After having experienced an extremely painful trial over the past several months, one thing that the Holy Spirit has been revealing to me is that I sometimes walk dangerously close to the edge of spiritual cynicism. I often hear the voice of Job's wife whispering "curse God and die" in my ear when I think of how much suffering and pain is experienced in this life by God's children. The reality of how wicked the cultures are at most major corporations and how many Godly Christians have faced evil treatment at their jobs just because they don't fit into that culture is quite disheartening as well.
Most Providentially, Paul Miller has a chapter in his book entitled "Following Jesus Out of Cynicism." This chapter is chocked full of wise counsel and is grace-saturated through and through. Here are a couple of great excerpts that I found very true and encouraging:
"Cynicism looks reality in the face, calls it phony, and prides itself on its insight as it pulls back. (ouch!) Thanksgiving looks reality in the face and rejoices at God's care. It replaces a bitter spirit with a generous one.
In the face of Adam and Eve's evil, God takes up needle and thread and patiently sews fine leather clothing for them (Gen 3:21). He covers (their sin) their divided, hiding selves with love. The same God permits his Son to be stripped naked so we could be clothed. God is not cynical in the face of evil. He loves."
"Cynics imagine they are disinterested observers on a quest for authenticity. They assume they are humble because they offer nothing. In fact, they feel deeply superior because they think they see through everything.
C.S. Lewis pointed out that if you see through everything, you eventually see nothing... Lewis said that what was required was a restoration of the innocent eye, the eye that can see with wonder. That is the eye of a child."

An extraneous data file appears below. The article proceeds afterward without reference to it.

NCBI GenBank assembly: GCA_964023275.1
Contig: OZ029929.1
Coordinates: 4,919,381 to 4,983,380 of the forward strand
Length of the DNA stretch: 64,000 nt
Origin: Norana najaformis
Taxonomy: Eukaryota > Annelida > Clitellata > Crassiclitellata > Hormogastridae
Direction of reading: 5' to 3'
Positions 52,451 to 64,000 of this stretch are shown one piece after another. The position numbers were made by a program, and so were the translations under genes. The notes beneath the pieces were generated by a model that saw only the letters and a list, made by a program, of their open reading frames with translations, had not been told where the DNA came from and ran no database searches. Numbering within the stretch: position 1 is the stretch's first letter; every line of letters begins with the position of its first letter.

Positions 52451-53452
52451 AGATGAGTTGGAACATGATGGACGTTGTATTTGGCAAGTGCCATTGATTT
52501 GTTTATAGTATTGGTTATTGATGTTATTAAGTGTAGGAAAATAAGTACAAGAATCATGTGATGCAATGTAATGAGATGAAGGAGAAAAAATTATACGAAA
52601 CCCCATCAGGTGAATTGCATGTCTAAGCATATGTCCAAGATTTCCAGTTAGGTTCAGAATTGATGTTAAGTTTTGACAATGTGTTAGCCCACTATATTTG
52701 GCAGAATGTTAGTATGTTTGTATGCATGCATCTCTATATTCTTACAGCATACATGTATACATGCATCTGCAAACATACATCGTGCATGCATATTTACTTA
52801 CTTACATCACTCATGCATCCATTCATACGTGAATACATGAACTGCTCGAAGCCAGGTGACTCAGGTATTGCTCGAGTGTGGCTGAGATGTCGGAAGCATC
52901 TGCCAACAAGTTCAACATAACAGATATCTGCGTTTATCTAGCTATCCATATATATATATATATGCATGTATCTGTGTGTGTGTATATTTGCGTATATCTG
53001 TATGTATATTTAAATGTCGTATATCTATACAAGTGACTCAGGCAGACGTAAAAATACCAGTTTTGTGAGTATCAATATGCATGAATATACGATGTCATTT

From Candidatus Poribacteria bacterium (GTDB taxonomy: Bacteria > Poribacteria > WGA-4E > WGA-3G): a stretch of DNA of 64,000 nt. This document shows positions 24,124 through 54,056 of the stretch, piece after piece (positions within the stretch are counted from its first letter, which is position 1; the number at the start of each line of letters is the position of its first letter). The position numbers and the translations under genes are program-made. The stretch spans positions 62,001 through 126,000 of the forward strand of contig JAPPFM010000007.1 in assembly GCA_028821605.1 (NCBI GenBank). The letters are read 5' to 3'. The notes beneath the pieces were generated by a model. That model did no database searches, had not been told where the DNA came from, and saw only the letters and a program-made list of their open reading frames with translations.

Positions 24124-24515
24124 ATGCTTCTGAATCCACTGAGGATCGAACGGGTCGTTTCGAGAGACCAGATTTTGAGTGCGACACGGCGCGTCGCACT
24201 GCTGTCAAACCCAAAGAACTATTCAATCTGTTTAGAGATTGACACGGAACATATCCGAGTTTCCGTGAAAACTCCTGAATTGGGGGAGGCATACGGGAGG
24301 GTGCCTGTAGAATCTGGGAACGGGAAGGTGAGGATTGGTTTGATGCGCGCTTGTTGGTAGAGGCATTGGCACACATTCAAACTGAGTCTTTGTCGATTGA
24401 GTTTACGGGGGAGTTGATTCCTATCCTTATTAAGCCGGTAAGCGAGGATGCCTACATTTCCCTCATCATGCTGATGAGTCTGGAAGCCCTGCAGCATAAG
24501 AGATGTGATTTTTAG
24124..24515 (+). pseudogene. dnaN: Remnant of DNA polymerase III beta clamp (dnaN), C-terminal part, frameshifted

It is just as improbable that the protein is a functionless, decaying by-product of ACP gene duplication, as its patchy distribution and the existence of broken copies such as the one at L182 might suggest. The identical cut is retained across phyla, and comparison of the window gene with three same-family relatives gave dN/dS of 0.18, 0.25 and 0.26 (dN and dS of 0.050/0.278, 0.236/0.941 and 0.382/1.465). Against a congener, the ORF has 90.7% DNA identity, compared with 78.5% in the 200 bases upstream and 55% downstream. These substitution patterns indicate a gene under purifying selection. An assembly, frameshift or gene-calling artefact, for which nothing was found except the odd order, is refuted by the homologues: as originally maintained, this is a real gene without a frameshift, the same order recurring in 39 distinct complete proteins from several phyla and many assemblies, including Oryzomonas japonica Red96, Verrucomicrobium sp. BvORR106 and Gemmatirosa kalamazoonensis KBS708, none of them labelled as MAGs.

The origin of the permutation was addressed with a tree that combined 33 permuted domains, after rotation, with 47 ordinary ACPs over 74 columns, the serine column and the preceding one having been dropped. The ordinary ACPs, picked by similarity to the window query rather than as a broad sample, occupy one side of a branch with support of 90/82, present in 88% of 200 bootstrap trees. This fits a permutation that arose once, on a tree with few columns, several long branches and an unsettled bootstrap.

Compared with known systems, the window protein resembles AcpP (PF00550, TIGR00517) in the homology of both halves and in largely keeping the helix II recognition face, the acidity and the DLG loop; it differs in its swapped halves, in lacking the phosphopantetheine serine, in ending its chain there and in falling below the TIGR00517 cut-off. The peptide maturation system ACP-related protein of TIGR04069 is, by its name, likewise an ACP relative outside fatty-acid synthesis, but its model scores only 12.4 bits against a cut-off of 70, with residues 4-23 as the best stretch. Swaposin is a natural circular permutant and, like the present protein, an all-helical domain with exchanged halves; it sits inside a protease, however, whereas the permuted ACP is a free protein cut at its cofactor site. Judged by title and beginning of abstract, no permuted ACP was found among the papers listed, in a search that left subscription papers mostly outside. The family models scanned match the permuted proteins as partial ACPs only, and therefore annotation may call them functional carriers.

Then Miller recounts the story of David and Golaith, pointing out that when David arrives at King Saul's camp, he has a childlike response to the shocking news that the taunts of the giant Philistine have pinned and paralyzed the Israelites. He blurts out, "Who is this uncircumcised Philistine, that he should defy the armies of the living God?" (1 Samuel 17:26)
Goliath becomes enraged when the Israelites send David, a mere child, to confront him. In verse 43 he exclaims, "Am I a dog, that you come to me with sticks?" to which David replies:
"The LORD saves not with sword and spear. For the battle is the LORD's, and he will give you into our hand."
At the end of the chapter, Miller concludes with an excellent application.
Here is my summary:
When the pure in heart begin with examining their own hearts -- confronting the beasts in the valley of the shadow of death -- they are able to see clearly later. Not seeing through everything like the cynic, but seeing clearly the abnormality of Goliath cursing the living God. The result is avoiding critical, negative cynicism and avoiding being captured by the spirit of the age and the culture around us. We will see the joy of the Lord, sing while we're in jail and calmly face seemingly overwhelming circumstances that are an affront to the LORD by trusting in His care.